OP0797. TRISTAN UND ISOLDE, Live Performance, 6 Feb., 1943, w.Leinsdorf Cond. Met Opera Ensemble; Helen Traubel, Lauritz Melchior, Kerstin Thorborg, Julius Huehn, Alexander Kipnis, etc. (England) 3-Naxos 8.110008/10. Transfers by Richard Caniell. Long out-of-print, Final Sealed Copy! - 636943100820
"In King Marke's monologue [Kipnis] shows most of the qualities that made his artistry so distinctive. Few voices are as ebon-hued, but those that are have nothing Kipnis, open core, his songlike flow of rich tone....Vitality in the phrasing as well as the tone energizes the narrative sufficiently to avoid ennui."
- Paul Jackson, SATURDAY AFTERNOONS AT THE OLD MET, p.260
"Before you become too impatient with those who moon over ‘the good old days’, you should hear this performance. It was not a special gala evening. This was the norm for Wagner performances in the 1930s and 1940s at the Met - perhaps even one notch below the norm for TRISTAN, because Kirsten Flagstad had returned to Norway during the war and Marjorie Lawrence had been struck down by polio, so the Met had to turn to the third-ranked Wagnerian soprano of the era, Helen Traubel. Would that we had her like today. Every principal role is sung at an extraordinary level, and even if one can pick a few nits, the fact is if we walked into such a performance today, we would be utterly astonished.
Traubel lacked the keen dramatic insights of the greatest of Wagnerian sopranos like Frida Leider and Lotte Lehmann, and even to a reasonable degree Flagstad. Traubel’s performance is more a vocally focused reading than a theatrical portrayal. But what a glorious sound it is, rich throughout its range up to about A or B-flat. (She avoids the Cs in Act II, choosing a lower alternative). Within that range there is a richness of color, a tonal juiciness and glow, that is uniquely hers. And Traubel possessed a marvelously even legato, stitching together Wagner’s long phrases in one continuous arc. There are also some moments of dramatic imagination, inflecting much of Act I with genuine anger and bitterness at Isolde’s plight. But it is the glory of her sound that one takes away in memory, a lustrous beauty that rises above the orchestra in the Liebestod with a tonal magnificence that few, even among the great ones, have matched. I would not be without the Isoldes of Leider and Flagstad (or Birgit Nilsson for that matter), but neither would I be without Traubel’s
The one consistent element of Met Tristan performances beginning in 1929 and going through 1950 was the great Danish tenor Lauritz Melchior. John Steane, in his essential book THE GRAND TRADITION, begins his discussion of Melchior this way: ‘… the years go by, and records continue to show him the greatest singer of the century in his own field’. With Melchior it is not only the steady emission of a beautiful tone, although that is fundamental to his success, but it is also his often-under-appreciated dramatic sense. Melchior had the ability to thunder, to soar, or to tenderly envelop you with the sweetest and tenderest of sounds. He was a far subtler actor with his voice than he was often given credit for, a point that Steane makes firmly. We hear it throughout this performance. Melchior conveys Tristan’s heartache and guilt in his scene with King Marke (where he empties his tone of color), Tristan’s ecstatic potion-induced passion in the first act, and the physical exhaustion and mental anguish of Tristan’s delirium scene in the last act….In the opera’s central love duet, the richness and passion of singing from Melchior and Traubel define what we call ‘golden age’ vocalism.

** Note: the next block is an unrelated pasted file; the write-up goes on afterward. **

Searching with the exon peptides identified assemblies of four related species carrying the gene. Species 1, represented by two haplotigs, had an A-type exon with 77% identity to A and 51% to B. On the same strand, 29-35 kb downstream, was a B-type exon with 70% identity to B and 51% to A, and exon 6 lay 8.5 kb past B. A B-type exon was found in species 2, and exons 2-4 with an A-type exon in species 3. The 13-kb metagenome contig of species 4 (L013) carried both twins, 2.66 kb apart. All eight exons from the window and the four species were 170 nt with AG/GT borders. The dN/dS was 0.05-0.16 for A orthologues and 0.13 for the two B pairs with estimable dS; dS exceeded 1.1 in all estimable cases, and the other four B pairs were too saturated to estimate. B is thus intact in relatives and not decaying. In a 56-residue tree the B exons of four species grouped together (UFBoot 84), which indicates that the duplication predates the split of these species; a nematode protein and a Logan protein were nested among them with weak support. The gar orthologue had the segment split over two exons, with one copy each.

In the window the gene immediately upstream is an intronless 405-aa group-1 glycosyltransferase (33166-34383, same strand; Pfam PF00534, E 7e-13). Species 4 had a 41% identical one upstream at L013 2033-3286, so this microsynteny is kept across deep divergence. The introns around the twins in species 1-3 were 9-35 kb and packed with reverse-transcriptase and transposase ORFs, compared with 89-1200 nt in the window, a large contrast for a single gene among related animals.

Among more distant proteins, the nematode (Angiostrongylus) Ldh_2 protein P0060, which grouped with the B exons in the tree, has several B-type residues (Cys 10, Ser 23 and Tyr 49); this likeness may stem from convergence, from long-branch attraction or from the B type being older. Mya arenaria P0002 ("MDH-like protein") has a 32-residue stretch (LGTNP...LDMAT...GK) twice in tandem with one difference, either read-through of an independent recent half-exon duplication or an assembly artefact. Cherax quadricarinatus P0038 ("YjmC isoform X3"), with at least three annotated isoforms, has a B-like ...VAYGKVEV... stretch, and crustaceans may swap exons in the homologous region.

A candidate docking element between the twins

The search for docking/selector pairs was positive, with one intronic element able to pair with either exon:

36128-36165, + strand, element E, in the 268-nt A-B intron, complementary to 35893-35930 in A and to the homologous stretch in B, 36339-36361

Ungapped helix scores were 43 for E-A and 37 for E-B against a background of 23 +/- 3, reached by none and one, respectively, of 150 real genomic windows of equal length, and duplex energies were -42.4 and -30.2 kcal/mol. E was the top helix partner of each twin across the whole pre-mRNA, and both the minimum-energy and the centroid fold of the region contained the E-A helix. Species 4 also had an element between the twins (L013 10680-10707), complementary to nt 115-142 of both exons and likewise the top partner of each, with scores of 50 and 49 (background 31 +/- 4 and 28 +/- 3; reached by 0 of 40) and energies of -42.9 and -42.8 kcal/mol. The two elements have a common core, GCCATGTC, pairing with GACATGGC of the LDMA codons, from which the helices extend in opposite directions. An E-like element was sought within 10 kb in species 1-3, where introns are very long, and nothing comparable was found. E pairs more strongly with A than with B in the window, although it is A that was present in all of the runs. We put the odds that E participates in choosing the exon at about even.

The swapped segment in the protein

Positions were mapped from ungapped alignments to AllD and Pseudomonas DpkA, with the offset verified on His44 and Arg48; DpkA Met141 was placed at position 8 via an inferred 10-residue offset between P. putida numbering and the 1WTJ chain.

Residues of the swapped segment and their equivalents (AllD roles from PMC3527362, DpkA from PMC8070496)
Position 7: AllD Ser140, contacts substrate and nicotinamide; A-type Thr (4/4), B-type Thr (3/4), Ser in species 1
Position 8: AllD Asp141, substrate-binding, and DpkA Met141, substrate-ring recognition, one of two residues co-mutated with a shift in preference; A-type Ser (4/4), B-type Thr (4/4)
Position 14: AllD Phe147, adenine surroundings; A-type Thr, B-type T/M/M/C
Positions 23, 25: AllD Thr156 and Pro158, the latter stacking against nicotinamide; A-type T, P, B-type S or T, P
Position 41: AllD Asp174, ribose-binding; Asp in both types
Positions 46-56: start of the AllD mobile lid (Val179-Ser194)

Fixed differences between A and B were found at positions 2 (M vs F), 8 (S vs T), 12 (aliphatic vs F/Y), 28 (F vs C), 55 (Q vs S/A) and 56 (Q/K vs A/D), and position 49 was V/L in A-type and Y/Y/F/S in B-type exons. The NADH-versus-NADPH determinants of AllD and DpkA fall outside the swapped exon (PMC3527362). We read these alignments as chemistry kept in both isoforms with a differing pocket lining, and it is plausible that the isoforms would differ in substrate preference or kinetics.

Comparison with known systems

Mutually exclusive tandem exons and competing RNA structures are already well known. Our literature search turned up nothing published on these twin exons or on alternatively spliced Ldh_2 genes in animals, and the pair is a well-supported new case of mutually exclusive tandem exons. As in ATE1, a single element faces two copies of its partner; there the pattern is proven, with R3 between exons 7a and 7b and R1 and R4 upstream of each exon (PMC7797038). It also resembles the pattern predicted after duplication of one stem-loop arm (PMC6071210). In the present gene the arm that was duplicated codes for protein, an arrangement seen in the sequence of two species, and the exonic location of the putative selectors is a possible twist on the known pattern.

The strengths of this performance do not end with the two protagonists. Kerstin Thorborg sang the role of Brangäne 52 times at the Met, partnering both Flagstad and Traubel, and she was worthy of singing alongside both. Thorborg is vocally magnificent in the long lines of Brangäne’s Watch in Act II and very specific with her vocal coloring in the music of the first act and beginning of the second. Her warm caring for Isolde is conveyed in the tone in which she she addresses her mistress, particularly after Isolde’s long narration and curse. Julius Huehn makes Kurwenal much more than the cardboard character he often seems. First of all, he sings beautifully, particularly in the last act as Kurwenal tries to comfort Tristan (and, quite possibly, himself). In the first act, Huehn is appropriately brusque, particularly in his exchanges with Brangäne. His is an imaginative and convincing portrayal of a character we often overlook.
In CADENZA, Leinsdorf was candid about his lack of respect for Traubel....[but] he was a consummate professional who knew the score in detail, and he provides some drama and passion.”
- Henry Fogel, FANFARE, March /April, 2018